Falls State Natural Area, located in Middle Tennessee, lies on
the eastern edge of Tennessee's Highland Rim adjacent to the Cumberland
Plateau and is noted for its natural beauty. Sheer bluffs, narrow
ridges, rolling water and abundant mixed forest, characterize
this area. The Falling Water River drops approximately 250 feet,
providing numerous waterfalls, breathtaking scenery and overlooks.
The park is home to over 300 species trees and plants and an abundance
of wildlife. Park visitors can visit the large Native Butterfly
Garden located adjacent to the upper parking lot.
The history of Burgess Falls can be traced back over three
centuries. Before European settlement, Indians of the Cherokee,
Creek and Chickasaw tribes shared this region as a hunting ground.
By the late 19th century, a gristmill and sawmill were
in operation on the river here. For the growing logging and
farming communities, the Falling Water River played a key role
by providing energy and recreational opportunities. Under protection
as a State Natural Area since 1973, visitors today may enjoy
the same scenic splendor of Burgess Falls, easily seen from
the River Trail.
Boats are not allowed below the dam and fishing boats are allowed
only in the shallow lake above the dam. Due to heavy silting
and lack of a boat ramp this is not a desirable lake for boating.
Trolling motors are the only type of motor allowed on boats.
Events and Programs
Burgess Falls State Park and Natural Area is the first Tennessee State Park to offer a full month of on-site, Junior Ranger summer day camps. These day camps educate and involve the local youth in protecting and preserving natural resources. Learn more.
The Native Butterfly Garden
is the winner of the 2006 Governor's Environmental Stewardship
Award in Excellence in Parks and Recreation. The 9th annual Butterfly Garden Celebration on Sat.
June 15 is a fun filled day with staff led educational programs, hikes,
butterfly identification, creek studies, landscaping with native plants and
more! For more information call 931-432-5312. Learn more.
Dragonflies and Damselflies Checklist
Fishing is year-round. Most common catches are large and small
mouth bass, brim and carp. The most popular fishing sites are
along the lake, below the dam and below the main falls. The
waters of Center Hill Lake reach the base of Burgess Falls.
There is no boat ramp. Anglers age 13 and older must have a
valid TN fishing license.
Army Corps of Engineers/Center Hill Lake
The 1.5-mile round-trip River Trail/Service Road Loop is a moderately strenuous hike taking visitors past four waterfalls on the Falling Water River. The waterfalls are 20' cascades, 30' upper falls, 80' middle falls, and 136' lower falls in height. Most people prefer to hike back to the parking lot along the service road. The 1-mile Ridge Top Trail is very scenic with views down the main canyon of the Falling Water River. Please note that the trail from the main overlook to the bottom of the main falls is very strenuous. All trails are foot trails. Bikes, horses, etc. are not permitted.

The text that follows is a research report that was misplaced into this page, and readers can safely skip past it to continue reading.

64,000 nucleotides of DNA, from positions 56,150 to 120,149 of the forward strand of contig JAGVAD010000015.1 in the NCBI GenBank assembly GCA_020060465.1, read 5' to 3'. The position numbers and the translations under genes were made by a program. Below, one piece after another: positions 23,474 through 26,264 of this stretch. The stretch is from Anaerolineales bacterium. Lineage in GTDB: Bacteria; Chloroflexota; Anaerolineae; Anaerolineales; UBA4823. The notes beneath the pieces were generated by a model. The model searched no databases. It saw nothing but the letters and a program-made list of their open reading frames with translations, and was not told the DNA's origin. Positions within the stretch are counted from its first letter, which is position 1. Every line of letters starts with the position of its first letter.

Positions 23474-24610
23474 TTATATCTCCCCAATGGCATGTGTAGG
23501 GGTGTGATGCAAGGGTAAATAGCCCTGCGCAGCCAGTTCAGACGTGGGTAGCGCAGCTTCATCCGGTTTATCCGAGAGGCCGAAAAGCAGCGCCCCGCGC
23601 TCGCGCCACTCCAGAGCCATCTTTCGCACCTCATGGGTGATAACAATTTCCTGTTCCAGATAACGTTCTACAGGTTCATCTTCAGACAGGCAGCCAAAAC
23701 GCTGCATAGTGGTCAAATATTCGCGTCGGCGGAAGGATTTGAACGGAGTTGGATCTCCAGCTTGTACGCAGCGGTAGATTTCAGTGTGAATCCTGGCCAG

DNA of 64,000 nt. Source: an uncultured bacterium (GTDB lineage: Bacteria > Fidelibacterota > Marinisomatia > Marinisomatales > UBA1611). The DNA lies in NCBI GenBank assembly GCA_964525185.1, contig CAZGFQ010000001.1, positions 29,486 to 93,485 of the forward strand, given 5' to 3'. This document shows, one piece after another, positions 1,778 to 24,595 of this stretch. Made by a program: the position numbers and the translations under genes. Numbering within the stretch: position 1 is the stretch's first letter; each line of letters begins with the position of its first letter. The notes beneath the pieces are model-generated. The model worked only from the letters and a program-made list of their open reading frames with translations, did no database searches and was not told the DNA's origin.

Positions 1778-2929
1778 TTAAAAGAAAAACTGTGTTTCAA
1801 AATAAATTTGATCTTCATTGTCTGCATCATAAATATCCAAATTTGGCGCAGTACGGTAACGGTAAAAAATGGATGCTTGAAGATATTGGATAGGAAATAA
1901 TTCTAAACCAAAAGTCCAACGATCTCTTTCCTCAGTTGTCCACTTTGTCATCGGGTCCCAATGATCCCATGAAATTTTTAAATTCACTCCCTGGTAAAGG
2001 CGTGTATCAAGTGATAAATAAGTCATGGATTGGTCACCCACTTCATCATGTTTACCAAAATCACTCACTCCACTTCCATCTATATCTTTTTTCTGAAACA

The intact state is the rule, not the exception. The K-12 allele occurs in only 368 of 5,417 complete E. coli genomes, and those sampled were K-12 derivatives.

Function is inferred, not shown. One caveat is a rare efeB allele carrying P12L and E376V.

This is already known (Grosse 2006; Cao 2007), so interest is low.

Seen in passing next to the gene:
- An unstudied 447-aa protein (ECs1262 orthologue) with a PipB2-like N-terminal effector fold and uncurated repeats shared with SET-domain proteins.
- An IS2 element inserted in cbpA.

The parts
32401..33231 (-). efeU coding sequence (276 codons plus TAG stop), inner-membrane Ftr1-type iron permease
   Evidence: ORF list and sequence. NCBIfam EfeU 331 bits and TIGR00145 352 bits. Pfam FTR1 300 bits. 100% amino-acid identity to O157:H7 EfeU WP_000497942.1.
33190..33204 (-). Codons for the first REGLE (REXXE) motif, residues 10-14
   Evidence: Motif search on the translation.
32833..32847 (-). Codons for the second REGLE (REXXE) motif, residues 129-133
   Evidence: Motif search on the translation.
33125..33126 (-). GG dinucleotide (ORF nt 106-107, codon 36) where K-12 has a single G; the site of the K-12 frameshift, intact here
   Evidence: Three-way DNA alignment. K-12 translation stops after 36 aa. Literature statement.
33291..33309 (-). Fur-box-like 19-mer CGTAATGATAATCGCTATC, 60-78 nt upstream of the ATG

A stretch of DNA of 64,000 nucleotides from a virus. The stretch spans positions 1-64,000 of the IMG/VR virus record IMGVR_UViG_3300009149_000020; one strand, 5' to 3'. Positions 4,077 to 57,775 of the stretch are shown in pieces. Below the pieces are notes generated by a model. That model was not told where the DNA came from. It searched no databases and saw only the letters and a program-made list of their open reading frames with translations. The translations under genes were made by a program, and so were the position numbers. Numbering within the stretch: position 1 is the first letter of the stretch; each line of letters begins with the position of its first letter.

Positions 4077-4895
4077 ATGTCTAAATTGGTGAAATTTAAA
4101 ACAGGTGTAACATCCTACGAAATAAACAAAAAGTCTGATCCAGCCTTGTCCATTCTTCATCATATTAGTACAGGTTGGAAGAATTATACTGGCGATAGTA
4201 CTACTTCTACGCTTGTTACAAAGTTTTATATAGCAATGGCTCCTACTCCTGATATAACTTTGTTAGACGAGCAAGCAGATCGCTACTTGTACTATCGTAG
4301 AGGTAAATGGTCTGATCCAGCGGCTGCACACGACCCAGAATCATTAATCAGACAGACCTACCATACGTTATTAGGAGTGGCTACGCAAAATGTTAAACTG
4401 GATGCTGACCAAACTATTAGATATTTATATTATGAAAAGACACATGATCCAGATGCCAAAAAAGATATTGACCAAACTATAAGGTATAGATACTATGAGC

From The Tennessee Conservationist's Great
With Fran Wallas:
Falls State Natural Area Offers the Most Waterfalls in the Shortest
Burgess Falls is a natural area in Putnam and White Counties
and is located approximately thirteen miles southwest of Cookeville.
It is managed by Tennessee State Parks. Burgess Falls lies on
the rugged dissected eastern edge of the Eastern Highland Rim
resulting in the occurrence of sheer bluffs, narrow ridges,
waterfalls, and diverse forest communities. It was named for
Tom Burgess, an American Revolutionary War veteran, who was
deeded the land in 1793 by the U.S. Government as partial payment
for his services. For many decades the Burgess family provided
settlers with meal and cut lumber from their gristmill and lumber
mill on Falling Water River above the falls. For more information
about this unique natural area visit the Division
of Natural Heritage.
Burgess Falls Natural Area offers picnicking below the dam
with a scenic view of the river. The park has 16 picnic tables,
12 of which are equipped with grills. None of the picnic tables
are equipped with water spigots. Picnic tables are not covered
and are available on a first come, first serve basis. A larger,
covered picnic pavilion can accommodate 80 people and can be
reserved up to a year in advance. The pavilion is equipped with
tables and grills. Restrooms and a playground are nearby. It
is ideal for supervised groups such as reunions and church groups.
Park staff offers year round interpretive programs for adults
and children. Curriculum based programs are offered for schools
and are provided on and off-site. Programs are also provided
for private groups upon request and availability of staff.
There is one playground located in the picnic area. Restrooms
are also located nearby.
Tour Buses are welcome but groups are encouraged to call in
advance to insure best service. Recommended parking for buses
is the first parking lot on the right as you enter the park.
The first lot is designed for buses, mobile homes, and large